Continued financial support for loss-making state-owned enterprises is certainly a step backwards for the reforms. Read more
The Deputy Minister of Finance Maksim Ermolovich in an interview on January 26 also announced a change in the budgeting process, namely a shift to results-oriented budgeting, and equal opportunities for the state-owned and private firms to get financial support from the state.
On the other hand, at the beginning of January the government issued a series of documents offering financial support to several state enterprises. In particular, cement industry enterprises received significant support (around $300m) in the form of government debt guarantees.
Several glasswork factories received significant support, as well as light industry enterprises like Kamvol, one of the largest textile producers. Continued financial support for loss-making state-owned enterprises is certainly a step backwards for the reforms. The departure from directed lending and other forms of support for uncompetitive enterprises is one of the main recommendations from both independent experts and the IMF.
Rouble deposits of natural persons continue the decline that they started in August 2015. On 1 January 2016 people held BYR40,204bn in bank deposits, just slightly higher than the amount held a year ago, and much lower than on 1 August.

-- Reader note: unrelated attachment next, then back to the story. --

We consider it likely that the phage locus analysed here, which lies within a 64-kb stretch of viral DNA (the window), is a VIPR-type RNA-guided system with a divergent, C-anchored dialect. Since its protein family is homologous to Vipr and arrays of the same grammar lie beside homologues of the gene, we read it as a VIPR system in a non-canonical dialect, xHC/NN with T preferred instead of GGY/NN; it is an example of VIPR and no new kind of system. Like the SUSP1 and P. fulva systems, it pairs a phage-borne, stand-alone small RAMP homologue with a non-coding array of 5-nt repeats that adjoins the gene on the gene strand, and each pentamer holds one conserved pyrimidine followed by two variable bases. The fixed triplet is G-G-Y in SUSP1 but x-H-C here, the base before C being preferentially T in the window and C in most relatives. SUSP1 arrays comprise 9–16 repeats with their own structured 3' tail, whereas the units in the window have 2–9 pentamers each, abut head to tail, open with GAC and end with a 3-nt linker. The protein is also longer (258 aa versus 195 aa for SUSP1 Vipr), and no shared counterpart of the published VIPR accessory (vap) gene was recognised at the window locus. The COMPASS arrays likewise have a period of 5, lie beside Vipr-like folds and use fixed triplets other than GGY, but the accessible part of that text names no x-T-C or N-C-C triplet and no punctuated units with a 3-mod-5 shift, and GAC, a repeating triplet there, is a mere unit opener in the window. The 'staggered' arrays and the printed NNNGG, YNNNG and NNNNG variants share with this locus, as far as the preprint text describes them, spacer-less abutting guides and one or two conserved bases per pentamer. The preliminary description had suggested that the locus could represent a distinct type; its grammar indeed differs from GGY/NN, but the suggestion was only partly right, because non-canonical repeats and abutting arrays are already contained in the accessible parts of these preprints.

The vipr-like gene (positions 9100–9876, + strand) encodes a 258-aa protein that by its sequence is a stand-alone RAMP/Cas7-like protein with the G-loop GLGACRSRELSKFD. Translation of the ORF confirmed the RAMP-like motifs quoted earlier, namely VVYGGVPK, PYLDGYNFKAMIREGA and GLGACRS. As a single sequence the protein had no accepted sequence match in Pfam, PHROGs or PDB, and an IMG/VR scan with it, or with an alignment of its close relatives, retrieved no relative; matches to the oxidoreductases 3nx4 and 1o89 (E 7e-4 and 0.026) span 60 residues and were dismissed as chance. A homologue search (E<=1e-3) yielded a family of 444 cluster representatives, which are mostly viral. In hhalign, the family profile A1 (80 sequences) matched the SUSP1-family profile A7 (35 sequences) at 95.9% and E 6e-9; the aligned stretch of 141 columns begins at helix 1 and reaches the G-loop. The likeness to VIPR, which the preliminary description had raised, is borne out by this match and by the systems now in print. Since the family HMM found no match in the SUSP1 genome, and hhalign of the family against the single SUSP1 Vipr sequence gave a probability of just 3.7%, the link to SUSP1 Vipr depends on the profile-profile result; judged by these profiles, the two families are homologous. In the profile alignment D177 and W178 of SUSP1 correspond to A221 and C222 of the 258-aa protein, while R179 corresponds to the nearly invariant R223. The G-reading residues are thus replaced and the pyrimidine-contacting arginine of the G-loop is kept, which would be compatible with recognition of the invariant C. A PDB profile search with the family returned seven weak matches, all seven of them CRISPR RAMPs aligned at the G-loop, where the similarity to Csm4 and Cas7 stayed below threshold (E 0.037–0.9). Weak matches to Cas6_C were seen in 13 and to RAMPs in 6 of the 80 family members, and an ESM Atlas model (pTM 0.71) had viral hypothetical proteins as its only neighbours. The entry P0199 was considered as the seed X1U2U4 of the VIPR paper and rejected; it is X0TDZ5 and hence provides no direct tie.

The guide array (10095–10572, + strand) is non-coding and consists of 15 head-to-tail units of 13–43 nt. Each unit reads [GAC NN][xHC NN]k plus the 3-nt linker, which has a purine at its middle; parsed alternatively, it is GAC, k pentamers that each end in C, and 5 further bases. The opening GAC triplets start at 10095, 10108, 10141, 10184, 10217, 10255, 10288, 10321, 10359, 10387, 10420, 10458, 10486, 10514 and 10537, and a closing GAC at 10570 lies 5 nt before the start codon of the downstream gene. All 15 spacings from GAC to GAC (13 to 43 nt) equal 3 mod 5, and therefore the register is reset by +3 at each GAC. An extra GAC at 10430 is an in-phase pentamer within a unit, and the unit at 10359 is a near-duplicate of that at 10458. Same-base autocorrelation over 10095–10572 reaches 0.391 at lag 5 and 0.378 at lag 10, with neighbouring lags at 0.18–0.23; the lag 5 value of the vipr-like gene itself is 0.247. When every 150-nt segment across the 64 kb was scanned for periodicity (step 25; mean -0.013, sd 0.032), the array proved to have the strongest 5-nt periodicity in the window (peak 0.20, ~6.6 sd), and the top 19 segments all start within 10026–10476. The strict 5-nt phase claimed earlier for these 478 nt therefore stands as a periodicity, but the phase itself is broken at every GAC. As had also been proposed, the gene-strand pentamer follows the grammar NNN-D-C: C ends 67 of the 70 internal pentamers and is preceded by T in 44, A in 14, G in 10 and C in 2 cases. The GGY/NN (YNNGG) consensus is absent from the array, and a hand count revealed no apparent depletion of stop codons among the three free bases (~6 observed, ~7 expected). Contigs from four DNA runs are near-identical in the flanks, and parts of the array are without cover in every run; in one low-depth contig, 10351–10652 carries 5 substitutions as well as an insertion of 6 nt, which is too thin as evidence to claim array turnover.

There are several reasons for this deposit outflow (which is very significant, especially given the average deposit rates of 20-25 per cent). The National Bank decree that came into force in November 2015 introduced income tax for the interest earned from transferable deposits to motivate long-run non-transferable deposits.
Several rounds of fast and unpredicted depreciation in August and November 2015 also contributed to the reduction of trust in the national currency. Combination of these factors also made it difficult to speculate on high rouble deposit rates. Another important factor in the deposit outflow is the decrease in real incomes – given the drop in wages people save less, and some of them probably had to spend some of their savings.
In January the depreciation of the rouble continued. No one expects real incomes to increase either, and the deposit outflow will most probably continue. The outflow of rouble deposits is not a huge threat to the banking system – the National Bank can print roubles and be the lender of last resort. However, if the outflow of currency deposits starts, it will be much more difficult for the National Bank to stabilize the situation.
Given the uncertainty in the oil price outlook, and the fragile state of the currency reserves, the Belarusian government and the National Bank have a difficult task to accomplish. Preserving financial stability without financial support from the outside seems impossible, and the IMF loan looks like the best option to both get the funds and receive impetus for reforms.
Kateryna Bornukova, BEROC
This article is a part of a joint project between Belarus Digest and Belarusian Economic Research and Outreach Center (BEROC)